Sunday, April 7, 2013
A New New Testament
Hidden away on the back pages of many newspapers this past month was a story about a new book entitled A New New Testament by Robert Tausig. Tausig and a team of scholars compiled a ten ancient religious gospels and epistles written in the early days of Christianity that offer an alternative perspective than the one found in the Bible. Reading these texts, says Tausig, will give you a fuller idea of the religious milieu in which Christianity was founded. These texts, which the church ultimately decided should not be part of the New Testament, have names like “The Gospel of Thomas,” and “The Acts of Paul and Thecla.”
The publication of A New New Testament is controversial with some Christians because of the implicit suggestion that the New Testament is incomplete. I don’t think that is what Tausig and his scholars are really saying. These additional ten texts do, however, shed a lot of light on the competing movements and opinions that existed in and around the early church. So they make for interesting reading.
These texts—and there are many, many more that might have been chosen—are often called gnostic gospels. Gnosticism wasn’t the same as Christianity, but was heavily influenced by it. What I find most interesting about Gnosticism is not how it is similar to Christianity, but how it was different. It is a difference that illuminates.
Gnostics were very spiritual people. In fact, they were pretty sure that all things spiritual were really great, especially compared to all things material—including human bodies. Gnostics thought that the body’s feelings and passions prevented people from thinking holy, spiritual thoughts. In fact, many Gnostics described their bodies as prisons in which their spiritual selves were locked up. And what their spiritual selves, their souls, really wanted was freedom from the body so that they could be reunited with the great big spirit in the sky.
It is hard for us to imagine life this way. As long as we’re healthy, we love our bodies, exercise them, diet, dress them up, romp in bed with them, play in them—and we think this is all great! But the ancient world was a place without aspirin or antibiotics, a place where life was often short, brutish, attended by poverty and hardship. Life in bodies was often hard and people longed for something better. They thought they might find it in spiritual release. Gnosticism promised people the secret wisdom (“gnosis” is the ancient Greek word for wisdom) that would help their souls escape the horrors of life in the body for real life in the spirit realm.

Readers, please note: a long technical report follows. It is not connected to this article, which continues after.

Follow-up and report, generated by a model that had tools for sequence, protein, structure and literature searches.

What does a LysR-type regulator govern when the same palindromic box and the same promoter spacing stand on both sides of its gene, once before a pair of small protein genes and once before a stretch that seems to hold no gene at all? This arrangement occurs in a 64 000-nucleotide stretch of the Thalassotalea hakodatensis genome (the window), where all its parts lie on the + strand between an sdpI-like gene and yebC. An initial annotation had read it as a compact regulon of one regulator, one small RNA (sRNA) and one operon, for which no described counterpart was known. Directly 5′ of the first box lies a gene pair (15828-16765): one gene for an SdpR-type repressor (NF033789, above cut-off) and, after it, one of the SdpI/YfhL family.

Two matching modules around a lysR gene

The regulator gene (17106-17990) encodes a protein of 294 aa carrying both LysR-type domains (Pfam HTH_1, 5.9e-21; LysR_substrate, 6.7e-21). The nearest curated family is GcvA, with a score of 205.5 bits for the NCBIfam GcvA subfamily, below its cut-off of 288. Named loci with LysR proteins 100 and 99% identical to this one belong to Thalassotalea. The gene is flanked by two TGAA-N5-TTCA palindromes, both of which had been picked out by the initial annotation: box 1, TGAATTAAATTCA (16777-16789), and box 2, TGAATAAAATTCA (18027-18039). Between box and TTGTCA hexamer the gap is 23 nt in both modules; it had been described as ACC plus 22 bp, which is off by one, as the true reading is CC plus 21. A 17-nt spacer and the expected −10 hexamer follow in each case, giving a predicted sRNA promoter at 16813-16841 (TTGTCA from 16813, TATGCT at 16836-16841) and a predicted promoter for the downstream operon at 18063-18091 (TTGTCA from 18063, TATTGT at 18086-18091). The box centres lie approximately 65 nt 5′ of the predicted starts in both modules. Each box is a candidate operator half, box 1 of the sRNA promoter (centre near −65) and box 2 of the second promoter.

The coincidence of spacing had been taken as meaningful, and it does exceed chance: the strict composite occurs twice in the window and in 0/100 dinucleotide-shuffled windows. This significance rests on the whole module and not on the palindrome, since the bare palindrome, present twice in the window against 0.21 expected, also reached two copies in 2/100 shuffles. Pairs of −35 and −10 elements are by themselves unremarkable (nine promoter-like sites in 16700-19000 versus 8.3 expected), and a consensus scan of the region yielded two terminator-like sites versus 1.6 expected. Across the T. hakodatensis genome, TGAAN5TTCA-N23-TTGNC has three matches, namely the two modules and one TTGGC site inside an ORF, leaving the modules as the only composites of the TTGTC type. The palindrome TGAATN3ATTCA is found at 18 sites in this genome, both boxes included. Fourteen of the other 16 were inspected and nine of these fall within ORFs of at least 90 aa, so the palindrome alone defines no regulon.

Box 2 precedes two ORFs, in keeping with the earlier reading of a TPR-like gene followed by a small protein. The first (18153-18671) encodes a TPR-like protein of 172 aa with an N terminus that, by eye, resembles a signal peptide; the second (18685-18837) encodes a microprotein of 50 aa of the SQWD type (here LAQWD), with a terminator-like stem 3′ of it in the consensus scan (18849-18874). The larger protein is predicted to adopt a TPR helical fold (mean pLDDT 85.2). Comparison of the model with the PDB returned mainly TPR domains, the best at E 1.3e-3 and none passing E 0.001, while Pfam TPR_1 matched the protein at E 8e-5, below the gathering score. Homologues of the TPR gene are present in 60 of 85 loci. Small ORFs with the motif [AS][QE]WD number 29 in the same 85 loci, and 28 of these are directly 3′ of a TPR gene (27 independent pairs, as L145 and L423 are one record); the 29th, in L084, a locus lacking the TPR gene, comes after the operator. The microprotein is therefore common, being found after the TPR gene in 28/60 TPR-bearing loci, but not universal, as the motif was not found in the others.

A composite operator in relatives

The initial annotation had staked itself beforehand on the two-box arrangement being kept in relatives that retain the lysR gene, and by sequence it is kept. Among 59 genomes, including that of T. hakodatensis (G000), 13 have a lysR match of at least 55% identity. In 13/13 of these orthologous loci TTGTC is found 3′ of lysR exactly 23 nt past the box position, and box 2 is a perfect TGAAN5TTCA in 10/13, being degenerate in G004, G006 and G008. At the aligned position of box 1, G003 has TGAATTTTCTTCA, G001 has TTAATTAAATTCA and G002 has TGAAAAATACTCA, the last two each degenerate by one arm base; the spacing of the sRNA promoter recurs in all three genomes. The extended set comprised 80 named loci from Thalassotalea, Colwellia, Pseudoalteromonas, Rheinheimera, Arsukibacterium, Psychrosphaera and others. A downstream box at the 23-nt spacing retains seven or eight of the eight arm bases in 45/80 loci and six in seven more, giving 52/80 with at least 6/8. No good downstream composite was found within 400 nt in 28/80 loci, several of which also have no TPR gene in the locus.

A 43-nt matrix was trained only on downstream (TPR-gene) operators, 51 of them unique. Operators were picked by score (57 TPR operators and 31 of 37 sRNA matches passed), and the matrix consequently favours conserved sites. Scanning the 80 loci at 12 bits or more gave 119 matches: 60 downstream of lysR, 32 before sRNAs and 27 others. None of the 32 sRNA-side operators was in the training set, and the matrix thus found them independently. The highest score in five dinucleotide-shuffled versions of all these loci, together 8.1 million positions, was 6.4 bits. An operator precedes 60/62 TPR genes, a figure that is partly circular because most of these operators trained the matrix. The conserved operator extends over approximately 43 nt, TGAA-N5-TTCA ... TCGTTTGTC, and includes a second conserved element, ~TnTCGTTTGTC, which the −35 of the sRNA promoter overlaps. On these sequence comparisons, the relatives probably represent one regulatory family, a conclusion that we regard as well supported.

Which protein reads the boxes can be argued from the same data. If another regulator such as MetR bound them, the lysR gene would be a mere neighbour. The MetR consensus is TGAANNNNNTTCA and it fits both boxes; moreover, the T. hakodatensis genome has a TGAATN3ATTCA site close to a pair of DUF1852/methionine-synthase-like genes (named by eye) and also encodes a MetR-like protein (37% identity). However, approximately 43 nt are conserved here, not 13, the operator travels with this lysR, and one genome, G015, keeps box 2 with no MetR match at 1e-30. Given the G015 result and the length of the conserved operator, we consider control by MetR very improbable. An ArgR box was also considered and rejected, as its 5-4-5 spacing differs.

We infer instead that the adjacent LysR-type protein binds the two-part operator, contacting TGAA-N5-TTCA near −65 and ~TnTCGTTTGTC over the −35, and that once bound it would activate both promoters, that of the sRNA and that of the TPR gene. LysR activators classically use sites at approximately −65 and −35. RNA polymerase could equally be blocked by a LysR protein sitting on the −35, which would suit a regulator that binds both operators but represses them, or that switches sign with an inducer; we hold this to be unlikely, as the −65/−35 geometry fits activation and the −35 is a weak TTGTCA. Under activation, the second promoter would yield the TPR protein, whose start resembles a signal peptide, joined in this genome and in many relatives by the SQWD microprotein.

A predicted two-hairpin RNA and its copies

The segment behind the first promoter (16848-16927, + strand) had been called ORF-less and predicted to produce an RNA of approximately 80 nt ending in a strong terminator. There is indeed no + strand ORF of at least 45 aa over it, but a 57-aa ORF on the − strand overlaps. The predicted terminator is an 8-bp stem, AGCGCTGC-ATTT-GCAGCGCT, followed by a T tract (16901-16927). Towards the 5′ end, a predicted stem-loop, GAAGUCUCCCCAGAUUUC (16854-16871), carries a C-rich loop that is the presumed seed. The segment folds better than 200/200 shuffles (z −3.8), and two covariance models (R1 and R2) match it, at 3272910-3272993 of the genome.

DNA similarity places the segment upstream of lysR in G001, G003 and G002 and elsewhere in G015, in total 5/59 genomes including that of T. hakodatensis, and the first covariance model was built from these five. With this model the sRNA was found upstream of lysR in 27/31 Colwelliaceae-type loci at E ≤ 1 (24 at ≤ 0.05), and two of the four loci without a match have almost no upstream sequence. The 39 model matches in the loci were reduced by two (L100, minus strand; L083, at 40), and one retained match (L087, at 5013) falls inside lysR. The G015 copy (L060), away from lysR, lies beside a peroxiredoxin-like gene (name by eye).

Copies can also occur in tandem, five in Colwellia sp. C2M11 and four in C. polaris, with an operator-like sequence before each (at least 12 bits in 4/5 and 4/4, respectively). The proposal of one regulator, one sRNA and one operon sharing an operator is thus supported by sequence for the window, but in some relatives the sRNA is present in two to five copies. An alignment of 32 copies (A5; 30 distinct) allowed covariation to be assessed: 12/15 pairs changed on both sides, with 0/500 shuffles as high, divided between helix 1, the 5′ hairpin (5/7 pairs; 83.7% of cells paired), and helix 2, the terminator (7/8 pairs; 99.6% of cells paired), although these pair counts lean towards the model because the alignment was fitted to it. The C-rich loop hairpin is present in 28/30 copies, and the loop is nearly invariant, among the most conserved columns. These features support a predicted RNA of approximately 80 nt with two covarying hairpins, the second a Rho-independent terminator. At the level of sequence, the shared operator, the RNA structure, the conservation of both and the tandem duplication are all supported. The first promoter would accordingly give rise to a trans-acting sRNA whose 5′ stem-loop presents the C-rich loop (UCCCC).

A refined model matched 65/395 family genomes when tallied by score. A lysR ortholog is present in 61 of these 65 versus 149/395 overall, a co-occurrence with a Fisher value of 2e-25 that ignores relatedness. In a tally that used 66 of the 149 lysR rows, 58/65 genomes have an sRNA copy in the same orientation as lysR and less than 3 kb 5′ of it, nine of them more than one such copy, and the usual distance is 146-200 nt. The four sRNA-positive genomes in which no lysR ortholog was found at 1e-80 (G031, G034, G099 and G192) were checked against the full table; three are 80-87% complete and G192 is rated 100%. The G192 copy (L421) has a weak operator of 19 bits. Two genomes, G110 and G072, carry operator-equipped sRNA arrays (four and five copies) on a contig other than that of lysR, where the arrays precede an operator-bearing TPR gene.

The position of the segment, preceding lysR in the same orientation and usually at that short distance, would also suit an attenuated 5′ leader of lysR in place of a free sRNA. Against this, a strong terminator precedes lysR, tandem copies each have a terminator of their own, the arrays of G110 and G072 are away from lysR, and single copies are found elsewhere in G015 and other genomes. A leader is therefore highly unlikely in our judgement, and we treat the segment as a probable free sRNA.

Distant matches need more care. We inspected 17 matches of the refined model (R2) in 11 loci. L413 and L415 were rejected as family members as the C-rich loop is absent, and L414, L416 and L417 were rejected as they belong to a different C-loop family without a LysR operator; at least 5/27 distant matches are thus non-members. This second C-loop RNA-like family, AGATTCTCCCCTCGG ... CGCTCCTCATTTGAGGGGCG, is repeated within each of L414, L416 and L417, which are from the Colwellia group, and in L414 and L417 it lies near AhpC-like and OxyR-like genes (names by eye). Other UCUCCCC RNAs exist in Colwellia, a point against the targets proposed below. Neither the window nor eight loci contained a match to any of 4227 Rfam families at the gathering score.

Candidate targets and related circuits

Gnosticism was too complex and diverse a religious movement to easily generalize about it. But much of the wisdom that they were focused on had to do with religious rules and regulations, habits and disciplines that focused on beating the body and its passions into submission, so that the body wouldn’t get in the way of the true spiritual self.
This means Gnostics were usually ascetic. They emphasized eating less, having less sex, meditation rather than exercise and worship and rituals rather than working and partying. In their places of worship they heard sermons about the secret passwords and rituals their spirits would need, once their bodies died, to join the great big spirit in the sky.
The New Testament warns against gnostic spirituality. Perhaps the best known such passage is in Colossians 2, where Paul warns Christians not to “let anyone condemn you in matters of food and drink or of observing festivals, new moons, or sabbaths.” He tells Christians not to submit to such “self-abasement,” or to people who say, “Do not handle, do not taste, do not touch.” Paul says such regulations as well as severe treatment of the body might have the appearance of wisdom—there is the Greek word “gnosis,”—but they are of no real value for Christians.
Why does Paul reject this kind of religion? Well because neither he, nor Christians in general, believe that life in the flesh means exile for the soul.
Ultimately the message of Christianity is that the body and its appetites are God-given gifts to be nurtured and enjoyed. According to the creation myth, God created Adam and Eve naked and not ashamed. Bodies are good! The Old Testament “Song of Songs” is a celebration of a good romp in bed with your beloved and enjoying this bodily pleasure as a divine gift. The story of Easter is that Jesus’ body was resurrected because a spirit without a body is missing something. And Paul taught that we are saved by grace rather than by secret wisdom about how to beat the body into submission.
I would say any religion that tries to make a good bottle of wine or beautiful painted nails or a feast with friends inherently evil is merely a gnostic-like misunderstanding of Christianity. Everything—Paul means all material things, in another tirade against Gnosticism from First Timothy—“everything created by God is good, and nothing is to be rejected, provided it is received with thanksgiving.”
Religion that promotes a set of rules and regulations that always says “No!” to the body in order to promote one’s spiritual side isn’t what the Bible is about. True spiritual life is always life in the body. So long as we use our life in the body to love our neighbors, to pursue justice and mercy and the good for others that Jesus sought to demonstrate in his bodily life, we ought to enjoy our bodies as a divine gift.
So, by all means, pick up a copy A New New Testament or some other gnostic gospels. And allow yourself to be fascinated by how Christianity offers a very different perspective on the relation of body and soul.